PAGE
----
For myself being this passive income-focused investor and really understanding that I needed to get 7% or more out of my investments, that’s what took me on the journey from multifamily to mobile home parks.
Andrew: I think a lot of our listeners can relate to you so I’m really excited to dive in today. Do you mind if we step back a second and talk about your technology career? I saw Splunk, which looks like data analytics. Could you share a little about your time there, your role, and then maybe how some of those characteristics carried over into what you do today?
Christopher: Sure. I play a role in the information technology or IT department at technology companies. I actually implement and manage the business system—the financial systems, the CRM systems, and the marketing systems. I usually build out the teams that implement these systems for these businesses and help them grow in scale.
When I was at Splunk, this was a real opportunity to help a company that was 18–24 months from an IPO. It turned out to be 11 months after I joined, but to really help them understand how they can be more efficient and grow faster in scale because in technology companies, the faster that you can go from $100 million in revenue to a billion dollars is really going to impact your stock price. We were able to accomplish that in five years.
I learned that being able to, number one, be nimble in your processes, understand how you iterate, how you do a level of work, and then you actually make it incrementally better every time you do it again, and then also being exposed to the financial systems. I think that’s what’s really translated for me being a very astute passive investor in being able to start underwriting investments to being able to partner with operators, understand, and dig in, how are they running their business? Where are they actually getting their reports? What are their key performance indicators or KPIs?
I would say that that W-2 experience translated very well into being a passive investor. Quite honestly, this is where I want to be in the sense that I love being somebody who is an executive of my portfolio, overseeing it, and partnering with the operators and helping them be better versus being the person who’s actually in the park or in the facility doing the work myself.
Andrew: That makes a ton of sense. Maybe you can tell us about your current portfolio, maybe tell us about Thrive Community Fund. I just looked at your website and looked at some of your returns from some of the multifamily and projects you had on there and I saw that the mobile home parks had the highest equity multiple in terms of return standpoint. I always like to point that out because mobile home parks give us a little more.
Christopher: Yeah, equity multiple, and I think what’s even more important is the cash on cash return. Right now, The Thrive Community Fund is returning 10.5% cash on cash return today. That blows people’s minds. I will say that number one, the journey from multifamily to the mobile home park has been tremendous and I think it’s been a great learning experience.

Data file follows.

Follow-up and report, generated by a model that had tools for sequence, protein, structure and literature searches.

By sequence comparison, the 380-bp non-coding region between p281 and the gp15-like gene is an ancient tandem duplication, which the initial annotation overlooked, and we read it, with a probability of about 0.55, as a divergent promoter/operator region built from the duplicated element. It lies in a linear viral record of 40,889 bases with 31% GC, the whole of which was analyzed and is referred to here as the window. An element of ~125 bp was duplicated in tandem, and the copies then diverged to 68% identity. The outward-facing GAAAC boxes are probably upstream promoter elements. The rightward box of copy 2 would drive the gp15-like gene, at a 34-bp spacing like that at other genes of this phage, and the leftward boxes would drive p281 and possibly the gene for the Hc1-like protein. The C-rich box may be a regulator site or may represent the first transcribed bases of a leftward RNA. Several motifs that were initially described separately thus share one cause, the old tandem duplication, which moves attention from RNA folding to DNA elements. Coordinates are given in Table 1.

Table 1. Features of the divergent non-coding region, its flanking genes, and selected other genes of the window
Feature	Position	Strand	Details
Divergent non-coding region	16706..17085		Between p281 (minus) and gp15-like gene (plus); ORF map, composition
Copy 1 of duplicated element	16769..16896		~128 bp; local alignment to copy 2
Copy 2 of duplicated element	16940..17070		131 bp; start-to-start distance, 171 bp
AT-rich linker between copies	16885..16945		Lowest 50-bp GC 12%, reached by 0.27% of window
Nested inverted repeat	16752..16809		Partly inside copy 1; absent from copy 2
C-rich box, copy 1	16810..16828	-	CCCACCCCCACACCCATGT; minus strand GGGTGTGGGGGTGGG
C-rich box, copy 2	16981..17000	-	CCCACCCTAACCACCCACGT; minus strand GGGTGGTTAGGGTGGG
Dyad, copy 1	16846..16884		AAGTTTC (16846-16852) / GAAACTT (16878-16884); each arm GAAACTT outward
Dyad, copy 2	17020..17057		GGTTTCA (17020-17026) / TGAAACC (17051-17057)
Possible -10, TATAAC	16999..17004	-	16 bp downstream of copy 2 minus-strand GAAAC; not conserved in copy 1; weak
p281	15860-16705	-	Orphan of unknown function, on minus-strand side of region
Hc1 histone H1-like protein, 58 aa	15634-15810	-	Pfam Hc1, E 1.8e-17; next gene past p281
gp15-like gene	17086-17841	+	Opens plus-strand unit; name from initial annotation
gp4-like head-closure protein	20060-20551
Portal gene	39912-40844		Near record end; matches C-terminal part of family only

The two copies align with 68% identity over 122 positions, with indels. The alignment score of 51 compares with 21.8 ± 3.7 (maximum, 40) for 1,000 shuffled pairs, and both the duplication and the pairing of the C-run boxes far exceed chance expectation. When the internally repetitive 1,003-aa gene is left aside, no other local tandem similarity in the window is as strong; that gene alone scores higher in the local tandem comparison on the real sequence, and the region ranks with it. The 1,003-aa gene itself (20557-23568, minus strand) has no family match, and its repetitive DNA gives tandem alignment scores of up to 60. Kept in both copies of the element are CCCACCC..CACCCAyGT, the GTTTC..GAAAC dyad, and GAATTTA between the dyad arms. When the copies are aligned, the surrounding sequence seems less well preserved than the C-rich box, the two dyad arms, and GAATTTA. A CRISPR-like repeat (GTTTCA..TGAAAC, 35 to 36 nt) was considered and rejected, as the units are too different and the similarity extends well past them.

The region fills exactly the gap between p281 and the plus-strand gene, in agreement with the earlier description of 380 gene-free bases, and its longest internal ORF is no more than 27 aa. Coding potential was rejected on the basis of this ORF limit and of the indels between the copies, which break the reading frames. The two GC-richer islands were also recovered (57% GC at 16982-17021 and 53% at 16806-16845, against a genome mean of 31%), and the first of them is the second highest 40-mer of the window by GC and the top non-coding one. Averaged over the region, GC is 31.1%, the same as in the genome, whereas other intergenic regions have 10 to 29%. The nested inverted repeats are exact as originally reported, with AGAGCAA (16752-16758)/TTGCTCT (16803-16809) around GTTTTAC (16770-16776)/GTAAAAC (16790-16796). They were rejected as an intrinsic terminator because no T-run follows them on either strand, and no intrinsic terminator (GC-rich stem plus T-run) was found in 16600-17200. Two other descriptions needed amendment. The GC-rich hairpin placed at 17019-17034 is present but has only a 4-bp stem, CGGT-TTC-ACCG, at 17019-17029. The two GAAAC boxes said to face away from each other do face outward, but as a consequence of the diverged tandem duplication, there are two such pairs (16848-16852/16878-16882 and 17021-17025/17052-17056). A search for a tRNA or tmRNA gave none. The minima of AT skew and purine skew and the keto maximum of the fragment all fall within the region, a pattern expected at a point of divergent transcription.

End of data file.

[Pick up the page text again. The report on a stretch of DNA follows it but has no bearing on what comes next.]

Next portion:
I think the key takeaways for me is, let’s not mince words, when you think of a passive income portfolio, multifamily is really sort of the meat in potatoes. People then look at mobile home parks and say, well, could that really be the main course? Is that something that’s really more of an appetizer or it’s more of a dessert? How do I bring that in?
I think the more that I understand and analyze the asset class and I realized, wait, this is a shrinking asset class. As we go in, people are buying up mobile home parks to build multifamily, to build a class multifamily. You have this shrinking asset class. We’re not building parks as fast as we are taking them out.
Then you actually have this huge demographic, this need for affordable housing, that all of a sudden just blew up my mind with this sort of supply and demand. I also realized that they’re a lot more efficient to run. When you look at the expense ratio of a multifamily or multifamily value add that can be 50% plus expenses, all of a sudden, you look at a well run mobile home park and you are 35% or below expense ratio, all of a sudden, I realized this is where the cash flow is.
I also realized that it was very similar to multifamily four or five years ago where not a lot of people are in this space. While you hear a lot about it, and there are a lot of institutions in there, they’re very focused on a niche of these five-star parks that are in these very specific locations and specific sizes. That’s where they’re going and fighting over versus for us, the Thrive Community Fund, we wanted to, number one, look at markets that were getting the benefit of growth from primary markets that were just booming.
This is where we chose Fayetteville, North Carolina, which is right outside of Raleigh Durham, not too far from Charlotte or even the triad itself—Greensboro, High Point, and Winston-Salem. It has a huge military presence so it has this really established population and growth. From that, you also have three small universities, and you have a medical center that’s developing there as well.
We realized there was a huge influx of population and a great need, but there was also geographic density. Fayetteville, North Carolina has 400 mobile home parks. When you think about it, 100 of those are the hundred pads and above where there’s a lot of big money chasing it.
Our strategy was we wanted to be a blue ocean, sort of coming from tech. How do we disrupt? Our goal was how do we get some three-star parks that are 75 pads or less. We go and we acquire 150 to start with and then continue to add from there. We run it as a single portfolio where we actually have the efficiencies of operations because of that geographic colocation.
That’s essentially what we’ve done and is the model of the Thrive Community Fund. Also really partnering with our tenants to make sure that we are allowing them to thrive, so we do have a post stabilization where we have an optimization phase. We want to bring in social services and we want to really allow the community to lean in and help those residents thrive.
Andrew: I love that. Tell me, park-owned homes or tenant-owned homes, which model do you prefer?